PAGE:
This is something I wouldn't know if I still used tea bags. Sure they're convenient, but the chamomile would be hidden inside bleached paper and probably squashed besides. But with loose tea, you suddenly realized what you're drinking: hot plant water.

In the case of chamomile tea it's hot plant water that tasted a little like apples. Very soothing and pleasant. I tried it for its medicinal qualities (it's supposed to be detoxifying as well as relaxing and antispasmodic), but I made more just because it tasted yummy. Very cold winter night-ish.

Tuesday, January 10, 2006

I Love I Love Lucy

How did we live in the long cold days before Google?

Having recently discovered the fun that is Google Video (where else can one find Chinese teenagers lip syncing to the Backstreet Boys and the infamous Leeeee-roy of WoW?), I would be remiss not to post a link to the best bargain on the new Google Video Store - the Job Switching episode of I Love Lucy!

You know the one ... the boys try to cook chicken and rice ("Does 4 pounds of rice sound like enough, Fred?"), and the girls get a job in the chocolate factory. For only $1.99 you can have that candy stuffing scene to replay over and over.

Lots of Lucy's best moments involved food and drink of some kind ... think Vitameatavegamin, think grape stomping, think Aunt Martha's Old-Fashioned Salad Dressing. Because food is funny, especially when being stuffed into someone's face at a rapid pace.

Saturday, January 7, 2006

What I Learned from New Year's Eve 2005

What's New Year's Eve without a plastic champagne glass filled with something fizzy? Plain old Dec. 31st. So I picked up some Freixenet Brut (already chilled! and only $6.99!) and some sparkling cider and got ready to toast 2006.

I've had Freixenet before, and I thought I remembered it being okay. Apparently memory deceives me, because that cheap stuff tasted, well, not so good. Downright crappy, in fact. Not even diluting it with generic 7-Up, which rescued a blah Zinfadel earlier in the night, made it any more palatable. We ended up dumping the stuff and guzzling the good old reliable sparkling cider.

The lesson is that really cheap champagne usually tastes like really cheap champagne. Spring for the good stuff!

The second thing I learned from New Year's Eve 2005: Hilary Duff's songs are kind of lame.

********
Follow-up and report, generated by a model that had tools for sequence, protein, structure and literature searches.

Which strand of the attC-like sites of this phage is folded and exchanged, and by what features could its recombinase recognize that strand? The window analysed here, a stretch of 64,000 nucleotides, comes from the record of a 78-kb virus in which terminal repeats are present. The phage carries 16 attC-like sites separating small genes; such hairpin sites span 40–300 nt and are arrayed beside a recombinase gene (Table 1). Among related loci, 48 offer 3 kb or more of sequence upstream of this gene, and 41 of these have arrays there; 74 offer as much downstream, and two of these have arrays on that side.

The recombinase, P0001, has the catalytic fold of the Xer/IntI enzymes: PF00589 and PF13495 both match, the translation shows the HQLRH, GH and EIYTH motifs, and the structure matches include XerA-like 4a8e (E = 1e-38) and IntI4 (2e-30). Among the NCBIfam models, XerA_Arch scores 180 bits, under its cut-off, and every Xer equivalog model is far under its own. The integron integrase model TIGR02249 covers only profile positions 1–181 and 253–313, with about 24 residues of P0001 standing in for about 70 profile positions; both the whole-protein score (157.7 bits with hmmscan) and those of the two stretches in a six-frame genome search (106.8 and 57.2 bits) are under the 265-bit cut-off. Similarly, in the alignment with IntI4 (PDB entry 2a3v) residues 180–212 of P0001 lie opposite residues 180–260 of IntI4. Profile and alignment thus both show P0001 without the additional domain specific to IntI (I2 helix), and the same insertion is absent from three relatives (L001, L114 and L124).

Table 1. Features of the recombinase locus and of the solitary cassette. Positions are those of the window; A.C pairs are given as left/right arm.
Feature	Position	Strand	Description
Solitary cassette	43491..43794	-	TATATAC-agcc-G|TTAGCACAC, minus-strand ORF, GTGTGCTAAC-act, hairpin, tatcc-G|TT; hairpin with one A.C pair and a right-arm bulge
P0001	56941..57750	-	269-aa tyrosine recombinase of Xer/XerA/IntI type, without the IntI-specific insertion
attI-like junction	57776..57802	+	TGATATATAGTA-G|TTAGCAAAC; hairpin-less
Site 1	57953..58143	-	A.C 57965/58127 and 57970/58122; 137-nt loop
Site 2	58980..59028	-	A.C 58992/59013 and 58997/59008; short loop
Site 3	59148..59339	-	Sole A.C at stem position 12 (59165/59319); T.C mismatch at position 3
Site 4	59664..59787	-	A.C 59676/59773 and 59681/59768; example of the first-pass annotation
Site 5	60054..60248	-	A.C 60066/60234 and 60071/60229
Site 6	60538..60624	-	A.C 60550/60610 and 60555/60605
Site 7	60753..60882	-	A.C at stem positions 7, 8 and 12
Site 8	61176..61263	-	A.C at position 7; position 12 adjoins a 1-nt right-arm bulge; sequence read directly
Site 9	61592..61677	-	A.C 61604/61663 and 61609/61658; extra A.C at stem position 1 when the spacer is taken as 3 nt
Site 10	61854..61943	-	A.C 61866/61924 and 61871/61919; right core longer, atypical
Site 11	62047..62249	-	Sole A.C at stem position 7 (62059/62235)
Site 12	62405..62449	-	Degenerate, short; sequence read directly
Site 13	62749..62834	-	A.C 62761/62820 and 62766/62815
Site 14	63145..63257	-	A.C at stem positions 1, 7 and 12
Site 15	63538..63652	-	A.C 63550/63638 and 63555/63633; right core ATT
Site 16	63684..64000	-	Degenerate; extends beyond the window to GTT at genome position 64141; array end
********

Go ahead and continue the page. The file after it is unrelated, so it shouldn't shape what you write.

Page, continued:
Friday, January 6, 2006

my new favorite grocery store

I had a single, solitary moment of deep distress this holiday season, when I thought I had left in California my three packages of languanisa that I wanted to bring back to Ohio. O, the disappointment! I have yet to find a really good brand of the sweet, succulent Filipino sausage that is available in Ohio, and I thought I'd have to suffer through several more months of deprivation, while California Filipinos revelled in easy availability of fatty yumminess.

Fortunately, it turned out they were in my suitcase after all, and three packages in my family's freezer seemed to be a backup. In other words, all is well.

Languanisa is easy to come by because there are several Filipino stores and Asian markets in the vicinity of my hometown (the city, incidentally, where a policeman was recently attacked by vicious dogs ... itty bitty vicious dogs).

But the new favorite is Island Pacific, a small chain of Filipino groceries. It's not a small, dark mom and pop shop, but a great big bright supermarket, stocked with all the Filipino brands we need, crisp Asian vegetables, and a fish section that runs the entire width of the store. Not to mention the Filipino/Chinese restaurant (with lechon!) and the Filipino bakery pumping out the scent of freshly baked pan de sal inside. Where else can I find three different brands (and sizes!) of calamansi concentrate?

Not Cleveland, I'll tell you that.